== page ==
My dear readers, you may have noticed a trend here at State of Affairs lately: namely, guest blogs. The fact is I’ve had less and less time to devote to the blog over the last few months for a variety of reasons (only a few of which I’m able to talk about), but despite my inability to update, we have come too far together for me to abandon you and my precious webspace to internet anonymity. So I pick the best and the brightest of my Correspondents to fill in for me during this tumultuous time. Among my favourite bloggers on the interwebs is my good friend Lu Galasso from Inching Towards Mediocrity who has been featured here at SoA in the past, and he’s kindly agreed to fill in another of his famous Best Of Lists for today’s installment. Take it away Lu!
Lu’s Top Six Favorite Commercials
There is an art form that goes severely under-appreciated in our society. Fans and critics can talk for hours about the artistic merits or commercial appeal of film, music, paintings, sculptures, and yes, even television. But there is another medium for creativity that, for a variety of reasons, seems to go unnoticed.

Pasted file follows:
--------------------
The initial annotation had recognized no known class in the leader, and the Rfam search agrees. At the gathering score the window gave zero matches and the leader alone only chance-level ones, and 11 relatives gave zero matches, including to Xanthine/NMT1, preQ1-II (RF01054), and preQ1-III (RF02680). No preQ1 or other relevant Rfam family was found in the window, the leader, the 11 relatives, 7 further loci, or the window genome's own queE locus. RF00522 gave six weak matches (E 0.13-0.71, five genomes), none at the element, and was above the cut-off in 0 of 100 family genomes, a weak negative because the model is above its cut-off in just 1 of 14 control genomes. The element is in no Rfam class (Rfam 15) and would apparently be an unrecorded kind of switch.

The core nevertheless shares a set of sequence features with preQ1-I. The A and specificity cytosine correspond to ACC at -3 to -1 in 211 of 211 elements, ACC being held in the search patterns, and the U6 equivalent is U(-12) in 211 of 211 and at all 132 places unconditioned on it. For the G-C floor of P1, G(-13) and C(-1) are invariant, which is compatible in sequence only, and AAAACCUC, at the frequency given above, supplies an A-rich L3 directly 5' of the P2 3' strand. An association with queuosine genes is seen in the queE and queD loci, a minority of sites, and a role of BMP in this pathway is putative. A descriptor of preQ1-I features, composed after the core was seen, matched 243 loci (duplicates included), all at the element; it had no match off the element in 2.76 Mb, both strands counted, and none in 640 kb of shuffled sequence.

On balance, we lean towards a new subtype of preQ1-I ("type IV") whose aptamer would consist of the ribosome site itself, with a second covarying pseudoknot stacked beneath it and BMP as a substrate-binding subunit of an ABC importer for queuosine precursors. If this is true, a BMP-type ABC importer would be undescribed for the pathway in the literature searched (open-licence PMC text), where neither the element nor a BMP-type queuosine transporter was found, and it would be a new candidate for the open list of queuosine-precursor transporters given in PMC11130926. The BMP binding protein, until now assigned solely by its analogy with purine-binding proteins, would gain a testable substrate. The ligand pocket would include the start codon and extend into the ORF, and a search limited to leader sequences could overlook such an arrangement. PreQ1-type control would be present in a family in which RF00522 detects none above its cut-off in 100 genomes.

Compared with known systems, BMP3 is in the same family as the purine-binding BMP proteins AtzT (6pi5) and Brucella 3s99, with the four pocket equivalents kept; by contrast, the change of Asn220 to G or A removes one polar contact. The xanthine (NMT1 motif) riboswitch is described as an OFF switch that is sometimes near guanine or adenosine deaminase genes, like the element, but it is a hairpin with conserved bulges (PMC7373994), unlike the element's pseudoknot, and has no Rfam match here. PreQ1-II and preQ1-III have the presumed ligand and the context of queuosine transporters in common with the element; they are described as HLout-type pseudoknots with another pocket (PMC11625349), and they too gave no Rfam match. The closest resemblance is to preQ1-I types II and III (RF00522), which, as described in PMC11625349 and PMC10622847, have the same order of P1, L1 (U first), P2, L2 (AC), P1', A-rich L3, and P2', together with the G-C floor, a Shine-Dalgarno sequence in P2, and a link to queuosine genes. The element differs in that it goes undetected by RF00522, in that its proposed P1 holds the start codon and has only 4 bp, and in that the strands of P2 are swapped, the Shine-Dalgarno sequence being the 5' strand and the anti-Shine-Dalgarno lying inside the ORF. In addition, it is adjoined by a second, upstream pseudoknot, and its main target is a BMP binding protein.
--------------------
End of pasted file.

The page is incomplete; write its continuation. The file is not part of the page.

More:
Now, I know what you’re all thinking. “Hey Lu,” you say out loud to an empty room, “commercials can’t be an art form. Art is an expression of creativity with no ulterior motive. Commercials are just fancy ways to sell you shit.”
Which is usually true. But not always.
Commercials have the unfortunate luck to be triply offensive. They are trying to sell you something that you probably don’t want or need; they are usually cheaply and quickly made; and, depending on your television habits, you are likely to see them several times a day. That repetition can be equally offensive if it’s a particularly poor ad.
Despite these hurdles, some commercials do manage to be creative, clever and fresh. In a television landscape inundated with advertisements, commercial writers have had to rely on humor, originality and the occasional controversy just to create something with a memorable impact that resonates with jaded viewers and gets their point across – usually in thirty seconds or less. (They seem to be particularly adept at this during the Superbowl – but then, since they are paying to be there, it only makes sense that they would be).
Here, then, are six commercials that ol’ Lu has deemed worthy of your internet viewing. Some hilarious, others bizarre – still others made the list just for being different. Take a look and let me know what you think.
Six. Energizer’s Cartoon Throwbacks
For whatever reason, you don’t see animation employed very often in conjunction with commercials. And, when you do, it’s usually pretty run-of-the-mill. Energizer decided to buck the trend by utilizing four different styles of animation to create a series of cute ads depicting various common household items singing and dancing happily before collapsing into twitching heaps when their (non-Energizer) battery runs out. From claymation to puppetry to an apparent “School House Rock” reference, the ads cover a variety of styles very well – setting them apart from other ads with class and style.
Five. It was a rainy day…